Consumer spending rebounded in line with expectations in April, according to the Commerce Department.
Soft spending was a major drag on economic growth in the first quarter. This increase in April suggests that the largest contributor to the economy is improving in the second quarter.
Personal spending as well as personal income rose by 0.4%. Real personal spending in March was revised up to 0.5% from 0.3%.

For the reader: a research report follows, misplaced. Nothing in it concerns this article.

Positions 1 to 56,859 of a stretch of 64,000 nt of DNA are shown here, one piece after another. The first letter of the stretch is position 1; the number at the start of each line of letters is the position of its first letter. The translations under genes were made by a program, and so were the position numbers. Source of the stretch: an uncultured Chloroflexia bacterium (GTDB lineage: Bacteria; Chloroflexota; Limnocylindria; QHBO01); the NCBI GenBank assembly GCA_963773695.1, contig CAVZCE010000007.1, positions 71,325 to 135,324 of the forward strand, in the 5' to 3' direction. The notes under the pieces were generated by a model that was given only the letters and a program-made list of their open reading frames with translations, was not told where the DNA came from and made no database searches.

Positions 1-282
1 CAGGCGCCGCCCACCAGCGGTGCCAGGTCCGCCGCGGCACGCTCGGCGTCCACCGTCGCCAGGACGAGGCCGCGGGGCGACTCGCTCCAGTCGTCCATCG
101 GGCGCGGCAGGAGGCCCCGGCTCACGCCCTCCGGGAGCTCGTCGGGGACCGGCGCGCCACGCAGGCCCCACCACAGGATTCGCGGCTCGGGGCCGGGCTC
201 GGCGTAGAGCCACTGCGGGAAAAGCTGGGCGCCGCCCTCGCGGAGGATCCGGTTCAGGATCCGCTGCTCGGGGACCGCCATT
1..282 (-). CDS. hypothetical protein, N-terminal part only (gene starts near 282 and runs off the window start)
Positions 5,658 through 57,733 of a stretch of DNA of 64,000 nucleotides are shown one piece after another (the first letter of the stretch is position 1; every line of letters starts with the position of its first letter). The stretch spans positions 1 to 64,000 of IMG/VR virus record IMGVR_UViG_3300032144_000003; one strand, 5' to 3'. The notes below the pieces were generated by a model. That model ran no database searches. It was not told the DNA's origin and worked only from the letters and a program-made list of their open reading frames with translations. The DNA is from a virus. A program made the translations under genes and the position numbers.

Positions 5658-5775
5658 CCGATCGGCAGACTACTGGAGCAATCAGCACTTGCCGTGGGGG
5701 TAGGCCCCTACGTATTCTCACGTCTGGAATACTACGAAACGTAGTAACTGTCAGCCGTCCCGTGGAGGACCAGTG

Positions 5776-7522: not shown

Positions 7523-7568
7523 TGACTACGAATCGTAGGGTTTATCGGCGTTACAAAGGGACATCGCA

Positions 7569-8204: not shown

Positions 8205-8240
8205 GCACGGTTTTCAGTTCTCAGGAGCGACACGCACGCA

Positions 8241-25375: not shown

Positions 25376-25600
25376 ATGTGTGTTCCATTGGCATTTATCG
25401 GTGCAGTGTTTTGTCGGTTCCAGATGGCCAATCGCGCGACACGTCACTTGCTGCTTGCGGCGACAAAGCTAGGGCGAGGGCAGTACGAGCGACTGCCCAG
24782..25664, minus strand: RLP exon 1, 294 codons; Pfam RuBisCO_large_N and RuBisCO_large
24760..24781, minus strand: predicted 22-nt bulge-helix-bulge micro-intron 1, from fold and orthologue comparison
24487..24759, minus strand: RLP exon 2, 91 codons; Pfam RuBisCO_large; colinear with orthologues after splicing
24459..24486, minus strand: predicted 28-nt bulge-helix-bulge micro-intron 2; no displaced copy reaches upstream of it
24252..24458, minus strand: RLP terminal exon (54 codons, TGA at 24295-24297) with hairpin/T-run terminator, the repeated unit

The report on Tuesday also included personal consumption expenditures, a gauge of household spending that the Federal Reserve prefers to use to track price changes, or inflation.
Excluding the volatile costs of food and energy, the core PCE deflator rose 1.7%, as forecast.
Personal saving as a share of disposable income held at 5.3% for a third straight month.
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